That is sort of like 2010 was for the Republicans.  All sorts of people wanted to see them win, people loosely called the "tea party," and they all helped toward that goal, believed in candidates who promised to see to it that Obama's agenda would be blunted when the Congress was filled with Republicans.

The label executive goes on, "Time and again, they feel like they could have done it themselves, and if they had done it their way, it would have been even bigger," he says. "So they jettison the people who helped them get where they are and hire people who are less powerful, who let them do what they want. I think that may be where Lady Gaga is."  Bingo.

It didn't even take until after the election of 2010 for the likes of Karl Rove to jettison the tea party.  He went to television to damage candidates who promised not to let leadership do what they want.  The purging of conservatives and now loudly denouncing the "tea partiers," to the press and their donors, Boehner and McConnell perhaps think they'll sell their "music" to a pissed off public who gave resounding "Applause" to them in 2010, but now who see them as outrageous and crazy to continue to spend and ignore the laws of economics.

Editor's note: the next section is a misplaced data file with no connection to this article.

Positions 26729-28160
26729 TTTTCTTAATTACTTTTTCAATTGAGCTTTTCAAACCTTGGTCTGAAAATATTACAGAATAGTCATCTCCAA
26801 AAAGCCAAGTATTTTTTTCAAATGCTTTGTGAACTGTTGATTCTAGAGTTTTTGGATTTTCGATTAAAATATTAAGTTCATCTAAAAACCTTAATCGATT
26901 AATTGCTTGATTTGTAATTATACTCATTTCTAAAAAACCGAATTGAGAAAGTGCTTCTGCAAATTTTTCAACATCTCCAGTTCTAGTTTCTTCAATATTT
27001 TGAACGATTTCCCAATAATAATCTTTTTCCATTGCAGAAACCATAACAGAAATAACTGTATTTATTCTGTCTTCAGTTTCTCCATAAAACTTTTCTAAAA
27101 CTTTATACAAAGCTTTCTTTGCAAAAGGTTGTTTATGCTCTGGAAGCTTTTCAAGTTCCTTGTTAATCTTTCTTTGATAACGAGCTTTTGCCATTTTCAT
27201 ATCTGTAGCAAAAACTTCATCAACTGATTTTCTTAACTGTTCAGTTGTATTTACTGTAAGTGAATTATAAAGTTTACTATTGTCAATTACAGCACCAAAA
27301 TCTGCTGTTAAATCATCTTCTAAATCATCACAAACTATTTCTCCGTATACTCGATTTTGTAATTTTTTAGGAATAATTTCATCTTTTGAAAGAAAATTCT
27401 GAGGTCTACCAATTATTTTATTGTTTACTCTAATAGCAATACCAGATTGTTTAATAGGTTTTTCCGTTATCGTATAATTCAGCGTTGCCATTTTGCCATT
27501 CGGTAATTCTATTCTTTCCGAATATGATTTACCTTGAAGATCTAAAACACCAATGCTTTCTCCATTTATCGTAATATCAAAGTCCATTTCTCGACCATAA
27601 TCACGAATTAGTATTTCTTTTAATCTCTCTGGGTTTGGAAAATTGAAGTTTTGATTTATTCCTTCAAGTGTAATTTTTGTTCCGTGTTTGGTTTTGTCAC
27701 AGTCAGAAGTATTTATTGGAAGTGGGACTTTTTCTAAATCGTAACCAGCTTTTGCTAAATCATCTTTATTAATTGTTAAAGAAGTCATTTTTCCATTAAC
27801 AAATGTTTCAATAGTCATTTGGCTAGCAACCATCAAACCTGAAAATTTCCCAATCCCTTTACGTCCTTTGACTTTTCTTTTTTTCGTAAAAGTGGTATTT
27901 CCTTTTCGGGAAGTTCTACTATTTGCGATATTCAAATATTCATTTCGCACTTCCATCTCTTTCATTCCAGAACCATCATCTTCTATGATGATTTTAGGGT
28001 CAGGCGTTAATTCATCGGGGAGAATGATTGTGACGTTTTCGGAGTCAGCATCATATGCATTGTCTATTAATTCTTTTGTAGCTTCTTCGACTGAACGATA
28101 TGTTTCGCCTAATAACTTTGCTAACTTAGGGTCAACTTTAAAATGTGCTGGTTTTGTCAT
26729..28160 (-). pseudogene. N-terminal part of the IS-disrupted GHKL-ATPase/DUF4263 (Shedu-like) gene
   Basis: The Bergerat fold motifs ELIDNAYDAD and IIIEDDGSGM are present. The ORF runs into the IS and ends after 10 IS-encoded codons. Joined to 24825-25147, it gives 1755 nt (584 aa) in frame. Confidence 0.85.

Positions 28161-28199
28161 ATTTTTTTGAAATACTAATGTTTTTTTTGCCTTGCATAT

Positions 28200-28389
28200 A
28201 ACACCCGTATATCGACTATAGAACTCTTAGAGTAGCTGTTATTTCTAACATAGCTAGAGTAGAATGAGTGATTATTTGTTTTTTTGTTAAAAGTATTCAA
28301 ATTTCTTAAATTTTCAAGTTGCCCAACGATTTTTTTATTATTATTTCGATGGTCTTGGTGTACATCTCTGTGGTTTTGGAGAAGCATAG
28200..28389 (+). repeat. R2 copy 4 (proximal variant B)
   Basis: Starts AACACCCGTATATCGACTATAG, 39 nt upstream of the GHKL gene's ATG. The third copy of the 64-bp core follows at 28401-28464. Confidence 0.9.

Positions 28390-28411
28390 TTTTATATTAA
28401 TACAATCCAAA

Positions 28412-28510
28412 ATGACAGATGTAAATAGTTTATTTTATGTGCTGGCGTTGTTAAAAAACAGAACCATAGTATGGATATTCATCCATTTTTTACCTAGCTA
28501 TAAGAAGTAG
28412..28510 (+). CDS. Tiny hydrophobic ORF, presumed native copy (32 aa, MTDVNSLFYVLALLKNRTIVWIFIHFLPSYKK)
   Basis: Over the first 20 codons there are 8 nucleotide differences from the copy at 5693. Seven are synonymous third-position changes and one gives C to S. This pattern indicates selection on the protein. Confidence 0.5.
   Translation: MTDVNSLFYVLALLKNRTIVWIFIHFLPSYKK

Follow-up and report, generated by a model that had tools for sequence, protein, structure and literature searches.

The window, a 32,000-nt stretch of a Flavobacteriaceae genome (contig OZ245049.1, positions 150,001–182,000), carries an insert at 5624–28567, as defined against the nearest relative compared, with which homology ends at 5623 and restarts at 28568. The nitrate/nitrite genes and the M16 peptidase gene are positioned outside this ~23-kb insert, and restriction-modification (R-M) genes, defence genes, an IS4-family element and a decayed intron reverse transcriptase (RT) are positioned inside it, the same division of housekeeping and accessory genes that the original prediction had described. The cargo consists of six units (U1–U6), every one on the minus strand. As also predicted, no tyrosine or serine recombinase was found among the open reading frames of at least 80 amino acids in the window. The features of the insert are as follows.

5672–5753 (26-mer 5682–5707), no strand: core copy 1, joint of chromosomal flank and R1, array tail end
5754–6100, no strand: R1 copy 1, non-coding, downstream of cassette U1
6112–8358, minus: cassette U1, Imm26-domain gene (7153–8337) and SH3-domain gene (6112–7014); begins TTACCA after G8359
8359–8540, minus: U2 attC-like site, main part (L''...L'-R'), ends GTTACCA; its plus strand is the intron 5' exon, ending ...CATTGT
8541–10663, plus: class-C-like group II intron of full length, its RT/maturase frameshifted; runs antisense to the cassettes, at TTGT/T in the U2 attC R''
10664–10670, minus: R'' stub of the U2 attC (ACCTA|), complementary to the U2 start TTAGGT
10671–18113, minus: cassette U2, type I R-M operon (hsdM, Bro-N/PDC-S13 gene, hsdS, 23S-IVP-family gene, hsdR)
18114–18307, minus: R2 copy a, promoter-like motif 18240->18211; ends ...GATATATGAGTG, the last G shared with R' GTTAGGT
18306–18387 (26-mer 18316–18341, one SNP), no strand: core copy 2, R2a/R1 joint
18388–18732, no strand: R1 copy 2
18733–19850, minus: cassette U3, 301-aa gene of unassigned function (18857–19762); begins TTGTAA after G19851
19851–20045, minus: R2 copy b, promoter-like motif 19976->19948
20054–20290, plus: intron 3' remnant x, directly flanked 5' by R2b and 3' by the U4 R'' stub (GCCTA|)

Elton John perhaps gave the best quote in this article, on how to help Gaga, and it works as well for the purposes of my analogy about the Republican leadership.

"I'd like to be able to talk to her right now, but I can't get through to her," he said. "And there are times when you have to listen. When your persona begins to take over your music and becomes more important. . . [when] you have people around you who don't question you, you're in a dangerous place."